Hi! A little bit about me. I started out as a journalist in Southern California and wanted to change the world with words. In the beginning, I worked at small newspapers, not only producing stories about the possibility of the Big One and what it would do our surrounding area, but also designing the sections where those stories lived. That’s the deal with small papers; you get the chance to do everything.
And it was great. Not only was I writing, but I was also designing and getting the chance to further the story visually. The Big One didn’t come, but the Northridge Quake of 1994 did, and although I’m a native California girl, it was enough of an impetus to send me to the East Coast, where the ground doesn’t move as much.
I eventually landed at The Washington Post, where I worked for 12 years, first as a copy editor and then as an assistant news editor, designing covers and pages for the Style section. During that time, I designed Style fronts for the Academy Awards as well as pages that focused on the nation’s notable and famous. As the newspaper landscape began to shift, I decided that it was time to follow my passion for design and pursue my BFA in graphic design. After graduating from the Corcoran College of Art+Design in Washington, DC, in 2012, I went to work as a designer, bringing my sense of journalism to projects ranging from publications and motion graphics to infographics and branding systems.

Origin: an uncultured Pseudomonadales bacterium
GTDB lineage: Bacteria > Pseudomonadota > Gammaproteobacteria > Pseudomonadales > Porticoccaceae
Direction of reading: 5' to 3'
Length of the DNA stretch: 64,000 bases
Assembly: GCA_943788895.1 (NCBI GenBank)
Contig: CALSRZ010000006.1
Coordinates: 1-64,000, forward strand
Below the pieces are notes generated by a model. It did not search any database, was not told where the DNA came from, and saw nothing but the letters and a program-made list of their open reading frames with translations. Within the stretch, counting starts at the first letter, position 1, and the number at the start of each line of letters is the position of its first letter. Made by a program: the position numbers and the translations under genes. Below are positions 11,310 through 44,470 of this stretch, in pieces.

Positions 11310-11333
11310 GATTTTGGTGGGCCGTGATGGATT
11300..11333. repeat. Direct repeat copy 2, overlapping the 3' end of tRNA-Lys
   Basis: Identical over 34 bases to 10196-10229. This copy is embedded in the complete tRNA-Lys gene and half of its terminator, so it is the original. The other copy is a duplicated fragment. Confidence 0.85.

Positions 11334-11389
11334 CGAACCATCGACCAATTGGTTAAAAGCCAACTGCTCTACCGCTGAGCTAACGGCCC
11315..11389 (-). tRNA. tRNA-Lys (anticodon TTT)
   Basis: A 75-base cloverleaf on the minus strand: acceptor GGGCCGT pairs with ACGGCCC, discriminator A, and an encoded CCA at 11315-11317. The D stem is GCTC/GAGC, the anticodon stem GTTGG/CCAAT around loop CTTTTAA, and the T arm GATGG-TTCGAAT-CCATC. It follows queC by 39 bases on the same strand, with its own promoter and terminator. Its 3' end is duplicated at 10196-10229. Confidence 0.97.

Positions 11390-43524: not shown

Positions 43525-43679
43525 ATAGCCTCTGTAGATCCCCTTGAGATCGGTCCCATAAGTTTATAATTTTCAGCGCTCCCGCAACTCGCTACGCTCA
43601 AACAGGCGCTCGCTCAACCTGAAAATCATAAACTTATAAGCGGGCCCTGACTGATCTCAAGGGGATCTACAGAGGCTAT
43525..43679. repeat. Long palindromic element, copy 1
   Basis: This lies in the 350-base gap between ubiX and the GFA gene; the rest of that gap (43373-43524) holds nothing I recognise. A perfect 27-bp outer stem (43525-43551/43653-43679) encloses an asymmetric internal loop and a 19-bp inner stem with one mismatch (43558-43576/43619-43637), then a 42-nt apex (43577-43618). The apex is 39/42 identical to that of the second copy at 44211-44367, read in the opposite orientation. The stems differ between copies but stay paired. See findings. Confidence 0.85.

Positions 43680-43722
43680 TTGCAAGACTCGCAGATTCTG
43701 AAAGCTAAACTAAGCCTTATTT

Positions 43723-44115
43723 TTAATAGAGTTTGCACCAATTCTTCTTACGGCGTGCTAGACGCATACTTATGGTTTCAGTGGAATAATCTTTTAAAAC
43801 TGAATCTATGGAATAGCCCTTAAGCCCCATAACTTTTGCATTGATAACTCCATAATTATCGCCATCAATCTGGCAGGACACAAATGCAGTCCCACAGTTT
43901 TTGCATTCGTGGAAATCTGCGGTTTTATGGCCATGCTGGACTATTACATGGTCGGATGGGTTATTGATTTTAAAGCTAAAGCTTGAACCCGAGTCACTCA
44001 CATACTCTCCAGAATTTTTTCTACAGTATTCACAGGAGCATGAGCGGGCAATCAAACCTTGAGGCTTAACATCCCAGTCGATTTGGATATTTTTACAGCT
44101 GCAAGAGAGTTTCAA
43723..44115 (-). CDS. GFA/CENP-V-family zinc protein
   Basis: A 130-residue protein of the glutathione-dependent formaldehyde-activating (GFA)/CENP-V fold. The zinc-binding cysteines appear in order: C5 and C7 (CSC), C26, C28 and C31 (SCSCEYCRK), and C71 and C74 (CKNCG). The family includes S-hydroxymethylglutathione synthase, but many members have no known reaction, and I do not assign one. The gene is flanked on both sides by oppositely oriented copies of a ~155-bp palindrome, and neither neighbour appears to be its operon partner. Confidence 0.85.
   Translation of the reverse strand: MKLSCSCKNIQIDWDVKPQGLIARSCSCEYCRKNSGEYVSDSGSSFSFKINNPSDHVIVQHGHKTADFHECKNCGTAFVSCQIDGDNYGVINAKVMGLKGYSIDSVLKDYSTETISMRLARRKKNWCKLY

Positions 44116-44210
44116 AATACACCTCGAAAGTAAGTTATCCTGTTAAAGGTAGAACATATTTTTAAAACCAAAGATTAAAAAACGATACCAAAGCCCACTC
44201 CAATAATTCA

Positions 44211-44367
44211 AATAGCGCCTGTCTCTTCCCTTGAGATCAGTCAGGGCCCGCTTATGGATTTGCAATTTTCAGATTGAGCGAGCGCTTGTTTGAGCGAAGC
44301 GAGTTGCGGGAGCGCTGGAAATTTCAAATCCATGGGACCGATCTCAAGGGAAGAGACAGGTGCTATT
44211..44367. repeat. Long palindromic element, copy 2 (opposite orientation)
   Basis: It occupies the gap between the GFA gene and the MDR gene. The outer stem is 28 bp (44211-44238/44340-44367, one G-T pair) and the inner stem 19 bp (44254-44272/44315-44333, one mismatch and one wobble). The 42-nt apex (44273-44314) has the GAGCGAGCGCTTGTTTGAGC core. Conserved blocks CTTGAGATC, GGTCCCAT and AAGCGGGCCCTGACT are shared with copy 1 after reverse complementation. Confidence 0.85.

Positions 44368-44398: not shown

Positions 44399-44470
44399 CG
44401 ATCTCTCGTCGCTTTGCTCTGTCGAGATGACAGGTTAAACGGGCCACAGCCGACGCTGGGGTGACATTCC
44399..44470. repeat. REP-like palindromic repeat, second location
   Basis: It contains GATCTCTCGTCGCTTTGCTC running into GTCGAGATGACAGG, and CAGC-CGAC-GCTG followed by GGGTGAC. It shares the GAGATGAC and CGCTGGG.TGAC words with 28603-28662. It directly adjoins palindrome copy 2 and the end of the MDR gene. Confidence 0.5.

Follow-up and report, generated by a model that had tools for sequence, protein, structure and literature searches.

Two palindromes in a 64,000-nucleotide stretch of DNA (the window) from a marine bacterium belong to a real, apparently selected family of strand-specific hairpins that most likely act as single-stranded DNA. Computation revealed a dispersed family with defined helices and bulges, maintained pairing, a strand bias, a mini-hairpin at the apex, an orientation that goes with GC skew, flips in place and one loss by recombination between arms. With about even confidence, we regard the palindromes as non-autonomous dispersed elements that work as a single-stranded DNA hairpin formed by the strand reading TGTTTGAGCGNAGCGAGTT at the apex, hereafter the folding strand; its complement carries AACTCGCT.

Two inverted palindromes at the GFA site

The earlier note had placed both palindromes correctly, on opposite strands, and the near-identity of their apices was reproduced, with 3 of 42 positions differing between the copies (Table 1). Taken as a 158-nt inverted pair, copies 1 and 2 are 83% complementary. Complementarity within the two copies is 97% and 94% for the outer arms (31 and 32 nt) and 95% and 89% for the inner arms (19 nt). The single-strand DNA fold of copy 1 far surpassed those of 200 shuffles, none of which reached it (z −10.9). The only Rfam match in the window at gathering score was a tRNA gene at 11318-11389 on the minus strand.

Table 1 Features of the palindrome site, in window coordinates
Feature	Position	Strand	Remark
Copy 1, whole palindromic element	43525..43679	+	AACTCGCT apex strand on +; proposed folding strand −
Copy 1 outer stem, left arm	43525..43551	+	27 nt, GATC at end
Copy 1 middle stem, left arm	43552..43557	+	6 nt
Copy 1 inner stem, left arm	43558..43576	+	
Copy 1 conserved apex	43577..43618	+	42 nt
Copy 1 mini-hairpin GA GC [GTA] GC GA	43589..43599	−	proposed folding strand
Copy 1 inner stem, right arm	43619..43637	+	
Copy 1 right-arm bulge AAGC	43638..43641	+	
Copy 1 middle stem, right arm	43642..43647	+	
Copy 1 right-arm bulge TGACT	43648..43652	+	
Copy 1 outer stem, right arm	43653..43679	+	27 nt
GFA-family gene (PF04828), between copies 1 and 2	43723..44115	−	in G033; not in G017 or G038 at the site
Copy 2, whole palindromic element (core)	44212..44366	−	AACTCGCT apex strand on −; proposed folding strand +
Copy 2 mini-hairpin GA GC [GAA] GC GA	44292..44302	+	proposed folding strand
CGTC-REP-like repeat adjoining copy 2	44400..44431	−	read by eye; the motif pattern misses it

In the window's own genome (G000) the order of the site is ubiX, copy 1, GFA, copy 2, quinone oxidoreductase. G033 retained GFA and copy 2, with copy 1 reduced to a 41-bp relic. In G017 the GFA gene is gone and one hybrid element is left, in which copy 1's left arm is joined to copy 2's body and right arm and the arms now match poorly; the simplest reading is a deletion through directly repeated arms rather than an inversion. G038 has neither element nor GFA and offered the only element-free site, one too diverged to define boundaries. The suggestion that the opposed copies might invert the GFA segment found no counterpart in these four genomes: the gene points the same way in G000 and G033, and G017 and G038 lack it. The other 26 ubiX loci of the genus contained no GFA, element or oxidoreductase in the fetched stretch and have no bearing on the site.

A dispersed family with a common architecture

Today, I am a freelance designer with a passion for visual storytelling. I find motivation and inspiration all around me, whether it be in a grocery store or on the hiking trail. I’m the person who stops to take pictures of packaging in the beer aisle or the one who holds up the group to photograph the texture of a tree. For me, design doesn’t stop at the office. It continues in the things I do every day and in my desire to be constantly learning.
When I’m not working, I can found hanging out with my husband and our two cats, taking Krav Maga classes or working on my knitting skills.